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Study finds patients in their thirties with lungs of 80-year-olds from cannabis use Getty Images

People in their thirties who smoke cannabis have the "lungs of 80-year-olds" after less than 10 years of use, doctors have said.

Damian Mckeon, a consultant in respiratory medicine at Ysbyty Gwynedd in Wales, studied eight patients who smoked at least five joints per day, the Daily Mail reports.

In some cases, the patients' lungs were so badly damaged they had to be put on long-term oxygen therapy.

"We are seeing young people on the wards with the lungs of 80-year-olds after less than a decade of smoking cannabis and tobacco," McKeon said.

"Our study was in a rural region of North Wales but we believe these cases may represent the tip of the iceberg."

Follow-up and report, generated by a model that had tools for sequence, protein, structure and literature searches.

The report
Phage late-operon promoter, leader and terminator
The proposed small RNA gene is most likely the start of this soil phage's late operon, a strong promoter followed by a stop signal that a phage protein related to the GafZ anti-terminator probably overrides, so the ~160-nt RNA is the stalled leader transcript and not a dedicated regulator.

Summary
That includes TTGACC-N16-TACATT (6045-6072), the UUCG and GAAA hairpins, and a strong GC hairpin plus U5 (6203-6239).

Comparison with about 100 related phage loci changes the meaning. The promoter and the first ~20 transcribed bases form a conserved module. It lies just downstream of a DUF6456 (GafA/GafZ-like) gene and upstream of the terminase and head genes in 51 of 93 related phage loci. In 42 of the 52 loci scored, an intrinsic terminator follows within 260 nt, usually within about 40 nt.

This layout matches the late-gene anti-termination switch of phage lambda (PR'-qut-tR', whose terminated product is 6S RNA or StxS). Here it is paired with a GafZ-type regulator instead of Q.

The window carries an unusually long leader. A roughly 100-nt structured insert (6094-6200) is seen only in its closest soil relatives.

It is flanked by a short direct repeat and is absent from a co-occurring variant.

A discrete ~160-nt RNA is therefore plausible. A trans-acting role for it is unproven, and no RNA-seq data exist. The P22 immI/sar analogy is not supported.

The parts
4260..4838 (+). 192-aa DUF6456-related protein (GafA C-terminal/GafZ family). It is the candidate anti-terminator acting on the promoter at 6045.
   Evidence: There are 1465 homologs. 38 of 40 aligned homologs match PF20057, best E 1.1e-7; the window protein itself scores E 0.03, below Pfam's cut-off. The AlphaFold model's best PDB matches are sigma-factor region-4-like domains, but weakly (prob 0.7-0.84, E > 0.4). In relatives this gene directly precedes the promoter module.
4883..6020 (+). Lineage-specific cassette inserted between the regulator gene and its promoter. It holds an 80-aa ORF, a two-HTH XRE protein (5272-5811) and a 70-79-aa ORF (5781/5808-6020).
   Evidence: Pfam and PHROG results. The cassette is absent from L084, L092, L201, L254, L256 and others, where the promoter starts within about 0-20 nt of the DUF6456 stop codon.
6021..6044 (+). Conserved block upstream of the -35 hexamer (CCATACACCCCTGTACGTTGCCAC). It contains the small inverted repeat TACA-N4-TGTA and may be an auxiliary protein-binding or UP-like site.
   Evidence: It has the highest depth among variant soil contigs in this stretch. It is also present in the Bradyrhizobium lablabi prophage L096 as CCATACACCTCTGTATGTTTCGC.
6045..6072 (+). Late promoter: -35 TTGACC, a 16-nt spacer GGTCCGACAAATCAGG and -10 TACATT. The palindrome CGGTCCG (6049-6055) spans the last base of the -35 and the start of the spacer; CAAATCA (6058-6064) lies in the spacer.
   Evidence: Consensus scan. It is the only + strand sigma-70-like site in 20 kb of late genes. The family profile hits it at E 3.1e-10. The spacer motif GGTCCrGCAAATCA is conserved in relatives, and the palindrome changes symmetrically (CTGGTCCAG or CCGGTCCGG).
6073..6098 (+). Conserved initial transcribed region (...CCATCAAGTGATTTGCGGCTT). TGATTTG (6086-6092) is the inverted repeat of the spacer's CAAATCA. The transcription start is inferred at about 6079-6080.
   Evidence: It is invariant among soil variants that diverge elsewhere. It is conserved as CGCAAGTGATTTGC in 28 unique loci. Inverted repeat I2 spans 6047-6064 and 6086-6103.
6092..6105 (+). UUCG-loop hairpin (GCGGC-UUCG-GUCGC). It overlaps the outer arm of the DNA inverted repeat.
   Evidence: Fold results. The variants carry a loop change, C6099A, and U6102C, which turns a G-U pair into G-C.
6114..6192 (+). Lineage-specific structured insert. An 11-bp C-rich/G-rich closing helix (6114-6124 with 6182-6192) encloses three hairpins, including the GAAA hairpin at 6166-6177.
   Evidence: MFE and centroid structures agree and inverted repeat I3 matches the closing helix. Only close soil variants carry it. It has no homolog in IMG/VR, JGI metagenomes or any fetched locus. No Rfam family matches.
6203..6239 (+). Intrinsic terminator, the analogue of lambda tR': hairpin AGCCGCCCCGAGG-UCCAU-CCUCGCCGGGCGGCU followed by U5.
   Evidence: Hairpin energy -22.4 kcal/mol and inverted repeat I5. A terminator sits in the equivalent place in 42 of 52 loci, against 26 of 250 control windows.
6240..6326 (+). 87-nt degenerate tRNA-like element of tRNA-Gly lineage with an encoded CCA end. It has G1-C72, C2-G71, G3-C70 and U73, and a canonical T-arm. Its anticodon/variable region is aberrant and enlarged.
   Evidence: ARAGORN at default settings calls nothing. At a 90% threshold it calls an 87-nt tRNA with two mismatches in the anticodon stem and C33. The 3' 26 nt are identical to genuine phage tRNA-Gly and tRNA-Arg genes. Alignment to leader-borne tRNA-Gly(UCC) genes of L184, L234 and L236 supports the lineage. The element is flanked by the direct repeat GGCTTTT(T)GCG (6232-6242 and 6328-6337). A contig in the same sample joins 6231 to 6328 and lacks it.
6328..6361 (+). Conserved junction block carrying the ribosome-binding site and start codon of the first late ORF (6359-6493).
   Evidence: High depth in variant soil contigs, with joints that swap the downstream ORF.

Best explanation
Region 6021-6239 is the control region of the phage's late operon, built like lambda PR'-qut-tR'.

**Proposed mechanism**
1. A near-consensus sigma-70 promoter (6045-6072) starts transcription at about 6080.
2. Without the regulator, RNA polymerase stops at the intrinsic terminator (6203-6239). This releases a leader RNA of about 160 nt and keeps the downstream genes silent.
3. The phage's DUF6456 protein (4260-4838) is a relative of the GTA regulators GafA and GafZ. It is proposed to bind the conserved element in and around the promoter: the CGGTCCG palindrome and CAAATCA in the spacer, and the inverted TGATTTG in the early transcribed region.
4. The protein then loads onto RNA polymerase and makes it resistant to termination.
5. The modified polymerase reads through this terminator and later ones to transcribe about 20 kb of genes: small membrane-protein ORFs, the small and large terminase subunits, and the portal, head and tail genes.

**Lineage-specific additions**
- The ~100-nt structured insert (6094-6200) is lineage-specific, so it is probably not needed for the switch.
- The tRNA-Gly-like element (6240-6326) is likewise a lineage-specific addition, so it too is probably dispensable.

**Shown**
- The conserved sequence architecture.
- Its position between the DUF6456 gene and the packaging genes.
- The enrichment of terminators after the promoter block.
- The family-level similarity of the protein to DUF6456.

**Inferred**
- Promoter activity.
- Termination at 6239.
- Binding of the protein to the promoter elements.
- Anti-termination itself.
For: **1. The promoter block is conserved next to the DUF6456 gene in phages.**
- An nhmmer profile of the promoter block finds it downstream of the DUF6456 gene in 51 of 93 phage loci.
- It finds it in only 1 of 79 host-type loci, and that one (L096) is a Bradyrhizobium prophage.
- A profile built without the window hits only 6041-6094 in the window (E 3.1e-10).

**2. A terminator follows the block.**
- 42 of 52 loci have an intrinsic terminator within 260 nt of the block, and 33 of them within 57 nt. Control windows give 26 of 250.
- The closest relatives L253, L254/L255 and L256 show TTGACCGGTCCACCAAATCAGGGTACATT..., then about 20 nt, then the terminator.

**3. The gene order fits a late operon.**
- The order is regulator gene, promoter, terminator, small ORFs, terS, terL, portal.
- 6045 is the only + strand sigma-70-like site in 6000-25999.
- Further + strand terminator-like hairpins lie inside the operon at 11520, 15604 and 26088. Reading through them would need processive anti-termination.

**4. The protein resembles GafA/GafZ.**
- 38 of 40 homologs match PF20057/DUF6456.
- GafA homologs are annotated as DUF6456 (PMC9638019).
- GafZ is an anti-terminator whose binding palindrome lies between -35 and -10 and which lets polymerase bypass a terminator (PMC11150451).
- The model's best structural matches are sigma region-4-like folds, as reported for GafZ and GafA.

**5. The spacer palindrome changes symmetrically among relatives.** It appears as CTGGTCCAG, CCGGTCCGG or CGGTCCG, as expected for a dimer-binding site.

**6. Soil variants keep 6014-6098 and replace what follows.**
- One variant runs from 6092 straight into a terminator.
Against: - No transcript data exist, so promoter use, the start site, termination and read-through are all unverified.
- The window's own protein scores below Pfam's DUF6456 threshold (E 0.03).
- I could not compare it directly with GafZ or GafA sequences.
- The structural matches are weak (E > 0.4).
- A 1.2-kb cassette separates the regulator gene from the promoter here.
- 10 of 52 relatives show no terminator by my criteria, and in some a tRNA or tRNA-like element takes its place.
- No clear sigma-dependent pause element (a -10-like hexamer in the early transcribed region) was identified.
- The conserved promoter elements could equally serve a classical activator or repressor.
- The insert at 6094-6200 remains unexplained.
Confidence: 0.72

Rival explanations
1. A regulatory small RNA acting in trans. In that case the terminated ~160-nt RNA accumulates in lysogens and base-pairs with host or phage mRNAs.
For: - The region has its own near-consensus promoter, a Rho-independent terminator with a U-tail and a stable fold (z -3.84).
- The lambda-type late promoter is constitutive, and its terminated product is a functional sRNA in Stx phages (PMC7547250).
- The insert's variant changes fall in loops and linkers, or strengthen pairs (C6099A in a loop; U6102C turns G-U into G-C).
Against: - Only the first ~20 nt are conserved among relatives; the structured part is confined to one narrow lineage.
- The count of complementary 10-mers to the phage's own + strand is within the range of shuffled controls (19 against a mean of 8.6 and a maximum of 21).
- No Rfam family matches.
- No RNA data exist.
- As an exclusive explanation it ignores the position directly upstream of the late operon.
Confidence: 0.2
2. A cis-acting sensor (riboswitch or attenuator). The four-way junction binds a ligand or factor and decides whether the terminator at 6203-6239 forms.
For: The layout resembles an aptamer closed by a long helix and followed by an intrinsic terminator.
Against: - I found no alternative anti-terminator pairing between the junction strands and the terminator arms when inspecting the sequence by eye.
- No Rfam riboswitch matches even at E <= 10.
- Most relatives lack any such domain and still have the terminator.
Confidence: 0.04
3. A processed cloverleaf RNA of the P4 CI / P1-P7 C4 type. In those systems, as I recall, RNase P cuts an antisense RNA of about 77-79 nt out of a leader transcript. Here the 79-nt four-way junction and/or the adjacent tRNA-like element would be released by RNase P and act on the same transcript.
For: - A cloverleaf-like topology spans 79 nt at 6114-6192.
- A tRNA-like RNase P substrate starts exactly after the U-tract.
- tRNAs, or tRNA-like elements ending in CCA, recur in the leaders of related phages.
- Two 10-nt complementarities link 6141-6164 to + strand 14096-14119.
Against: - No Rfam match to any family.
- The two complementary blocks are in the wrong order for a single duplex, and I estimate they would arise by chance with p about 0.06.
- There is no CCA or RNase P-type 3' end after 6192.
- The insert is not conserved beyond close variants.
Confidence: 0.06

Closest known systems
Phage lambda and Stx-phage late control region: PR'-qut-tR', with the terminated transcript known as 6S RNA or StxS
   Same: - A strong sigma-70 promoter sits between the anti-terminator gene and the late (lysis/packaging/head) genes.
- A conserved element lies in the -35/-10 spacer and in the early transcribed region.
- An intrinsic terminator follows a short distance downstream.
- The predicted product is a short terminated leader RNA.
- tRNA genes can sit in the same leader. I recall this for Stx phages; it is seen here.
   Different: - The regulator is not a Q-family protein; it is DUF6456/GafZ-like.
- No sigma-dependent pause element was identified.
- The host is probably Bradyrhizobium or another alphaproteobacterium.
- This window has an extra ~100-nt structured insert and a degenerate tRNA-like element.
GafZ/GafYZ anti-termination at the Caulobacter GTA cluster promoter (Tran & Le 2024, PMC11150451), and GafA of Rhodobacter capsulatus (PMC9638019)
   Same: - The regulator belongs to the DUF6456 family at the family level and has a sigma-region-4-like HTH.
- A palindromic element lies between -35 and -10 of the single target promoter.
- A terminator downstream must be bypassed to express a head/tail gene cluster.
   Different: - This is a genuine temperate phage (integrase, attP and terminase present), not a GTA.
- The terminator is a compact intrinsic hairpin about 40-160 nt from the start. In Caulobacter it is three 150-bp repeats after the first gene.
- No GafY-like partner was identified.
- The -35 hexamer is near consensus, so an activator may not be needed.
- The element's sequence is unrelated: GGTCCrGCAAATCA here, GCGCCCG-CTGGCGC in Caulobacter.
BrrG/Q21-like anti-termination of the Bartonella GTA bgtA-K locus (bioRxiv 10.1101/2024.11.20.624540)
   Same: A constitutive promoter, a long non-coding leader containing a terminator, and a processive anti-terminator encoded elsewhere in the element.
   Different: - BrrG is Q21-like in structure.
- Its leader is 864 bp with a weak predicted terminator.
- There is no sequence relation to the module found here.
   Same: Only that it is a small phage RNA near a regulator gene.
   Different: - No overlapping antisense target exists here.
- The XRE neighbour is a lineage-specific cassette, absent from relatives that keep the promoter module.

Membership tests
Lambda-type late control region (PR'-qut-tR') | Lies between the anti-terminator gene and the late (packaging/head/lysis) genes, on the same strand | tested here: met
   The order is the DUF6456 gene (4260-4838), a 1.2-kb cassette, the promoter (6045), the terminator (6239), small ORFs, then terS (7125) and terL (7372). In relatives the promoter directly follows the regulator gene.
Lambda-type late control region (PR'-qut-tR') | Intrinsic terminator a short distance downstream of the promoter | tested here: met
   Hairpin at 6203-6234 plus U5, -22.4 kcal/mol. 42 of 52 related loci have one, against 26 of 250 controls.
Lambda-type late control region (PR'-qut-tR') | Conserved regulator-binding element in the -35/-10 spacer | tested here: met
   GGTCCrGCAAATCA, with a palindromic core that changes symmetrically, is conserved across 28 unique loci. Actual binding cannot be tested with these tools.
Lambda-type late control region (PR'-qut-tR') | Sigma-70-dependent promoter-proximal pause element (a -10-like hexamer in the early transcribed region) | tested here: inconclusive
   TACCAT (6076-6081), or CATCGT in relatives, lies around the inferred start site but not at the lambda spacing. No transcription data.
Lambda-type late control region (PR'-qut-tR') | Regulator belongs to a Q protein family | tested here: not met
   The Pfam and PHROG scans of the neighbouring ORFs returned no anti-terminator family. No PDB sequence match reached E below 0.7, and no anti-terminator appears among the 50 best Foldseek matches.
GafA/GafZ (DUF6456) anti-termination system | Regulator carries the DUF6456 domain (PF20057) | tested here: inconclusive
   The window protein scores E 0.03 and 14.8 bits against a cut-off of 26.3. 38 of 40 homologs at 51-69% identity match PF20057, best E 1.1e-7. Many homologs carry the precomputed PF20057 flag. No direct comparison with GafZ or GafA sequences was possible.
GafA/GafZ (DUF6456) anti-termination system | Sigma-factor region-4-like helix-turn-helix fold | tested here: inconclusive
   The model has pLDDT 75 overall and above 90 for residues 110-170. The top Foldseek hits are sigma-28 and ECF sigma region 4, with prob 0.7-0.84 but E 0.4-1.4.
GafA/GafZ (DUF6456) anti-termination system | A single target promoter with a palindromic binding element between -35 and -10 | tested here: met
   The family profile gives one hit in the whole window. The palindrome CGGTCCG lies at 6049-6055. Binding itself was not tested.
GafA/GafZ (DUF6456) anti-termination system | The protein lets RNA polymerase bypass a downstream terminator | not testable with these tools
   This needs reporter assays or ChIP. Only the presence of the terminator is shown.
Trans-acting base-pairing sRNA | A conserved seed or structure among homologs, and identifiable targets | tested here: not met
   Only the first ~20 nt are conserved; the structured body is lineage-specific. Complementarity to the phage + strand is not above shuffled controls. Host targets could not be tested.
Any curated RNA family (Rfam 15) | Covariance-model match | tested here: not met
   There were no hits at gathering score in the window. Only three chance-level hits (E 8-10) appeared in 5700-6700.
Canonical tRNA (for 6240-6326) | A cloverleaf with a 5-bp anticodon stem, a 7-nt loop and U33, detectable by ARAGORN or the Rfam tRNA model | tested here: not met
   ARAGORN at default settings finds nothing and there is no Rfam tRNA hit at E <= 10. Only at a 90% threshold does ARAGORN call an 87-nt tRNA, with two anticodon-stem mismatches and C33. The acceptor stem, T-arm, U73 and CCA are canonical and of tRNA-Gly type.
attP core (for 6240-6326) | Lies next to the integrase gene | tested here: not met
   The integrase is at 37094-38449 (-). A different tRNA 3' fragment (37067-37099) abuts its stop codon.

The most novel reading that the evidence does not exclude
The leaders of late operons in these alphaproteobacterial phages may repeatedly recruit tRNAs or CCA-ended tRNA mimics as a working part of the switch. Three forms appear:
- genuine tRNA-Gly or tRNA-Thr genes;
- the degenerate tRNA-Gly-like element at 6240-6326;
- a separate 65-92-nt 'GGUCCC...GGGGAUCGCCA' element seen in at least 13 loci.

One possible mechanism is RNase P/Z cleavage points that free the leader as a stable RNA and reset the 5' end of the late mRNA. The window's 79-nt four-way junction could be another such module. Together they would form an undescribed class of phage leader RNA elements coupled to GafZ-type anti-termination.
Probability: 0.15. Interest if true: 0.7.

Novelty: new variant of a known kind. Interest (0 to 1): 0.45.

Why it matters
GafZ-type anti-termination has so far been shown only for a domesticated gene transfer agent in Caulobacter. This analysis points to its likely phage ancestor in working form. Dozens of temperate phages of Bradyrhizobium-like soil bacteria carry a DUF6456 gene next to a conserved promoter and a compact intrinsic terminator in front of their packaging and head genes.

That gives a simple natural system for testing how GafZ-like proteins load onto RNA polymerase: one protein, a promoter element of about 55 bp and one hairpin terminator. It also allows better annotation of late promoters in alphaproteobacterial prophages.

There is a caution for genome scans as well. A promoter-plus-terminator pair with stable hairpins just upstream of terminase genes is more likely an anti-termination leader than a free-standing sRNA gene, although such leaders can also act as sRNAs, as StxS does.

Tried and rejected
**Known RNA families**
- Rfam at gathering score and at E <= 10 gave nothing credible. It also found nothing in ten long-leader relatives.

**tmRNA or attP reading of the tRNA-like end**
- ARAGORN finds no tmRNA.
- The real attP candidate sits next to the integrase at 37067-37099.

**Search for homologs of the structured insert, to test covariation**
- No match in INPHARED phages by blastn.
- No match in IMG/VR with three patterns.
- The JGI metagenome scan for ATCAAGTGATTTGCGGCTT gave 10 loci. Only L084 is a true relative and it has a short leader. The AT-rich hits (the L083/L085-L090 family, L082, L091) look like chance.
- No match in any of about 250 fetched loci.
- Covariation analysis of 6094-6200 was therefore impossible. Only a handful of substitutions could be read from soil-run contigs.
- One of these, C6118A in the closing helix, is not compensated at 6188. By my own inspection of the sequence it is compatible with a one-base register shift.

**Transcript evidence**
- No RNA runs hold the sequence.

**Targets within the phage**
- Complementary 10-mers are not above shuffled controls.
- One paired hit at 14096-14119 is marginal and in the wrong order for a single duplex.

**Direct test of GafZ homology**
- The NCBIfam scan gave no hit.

One patient is now waiting for a lung transplant, researchers heard at a British Thoracic Society conference.

Cannabis mixed with tobacco for use can cause more damage to the lungs because it is mostly smoked without a filter. The smoke is often inhaled for longer.

Adding to this, McKeon added: "Cannabis is far stronger these days and we are seeing the emergence of a new severe form of emphysema – which could lead to people struggling for breath for the rest of their life. We urgently need a detailed study across the UK which analyses the national picture of cannabis-use and lung disease."

Currently there are calls for cannabis to be decriminalised for personal use. A policy paper presented at the Liberal Democrat party conference in October said drug laws need radical changes, with more emphasis on treating the problem as a health matter rather than a criminal one.

Bernard Higgins, of the British Thoracic Society, said of the findings from Ysbyty Gwynedd: "This study is yet another small but persuasive piece of a jigsaw pointing to a real danger of regularly smoking joints.

"The government should monitor this emerging evidence carefully and take it into account when considering future drugs and smoking policy."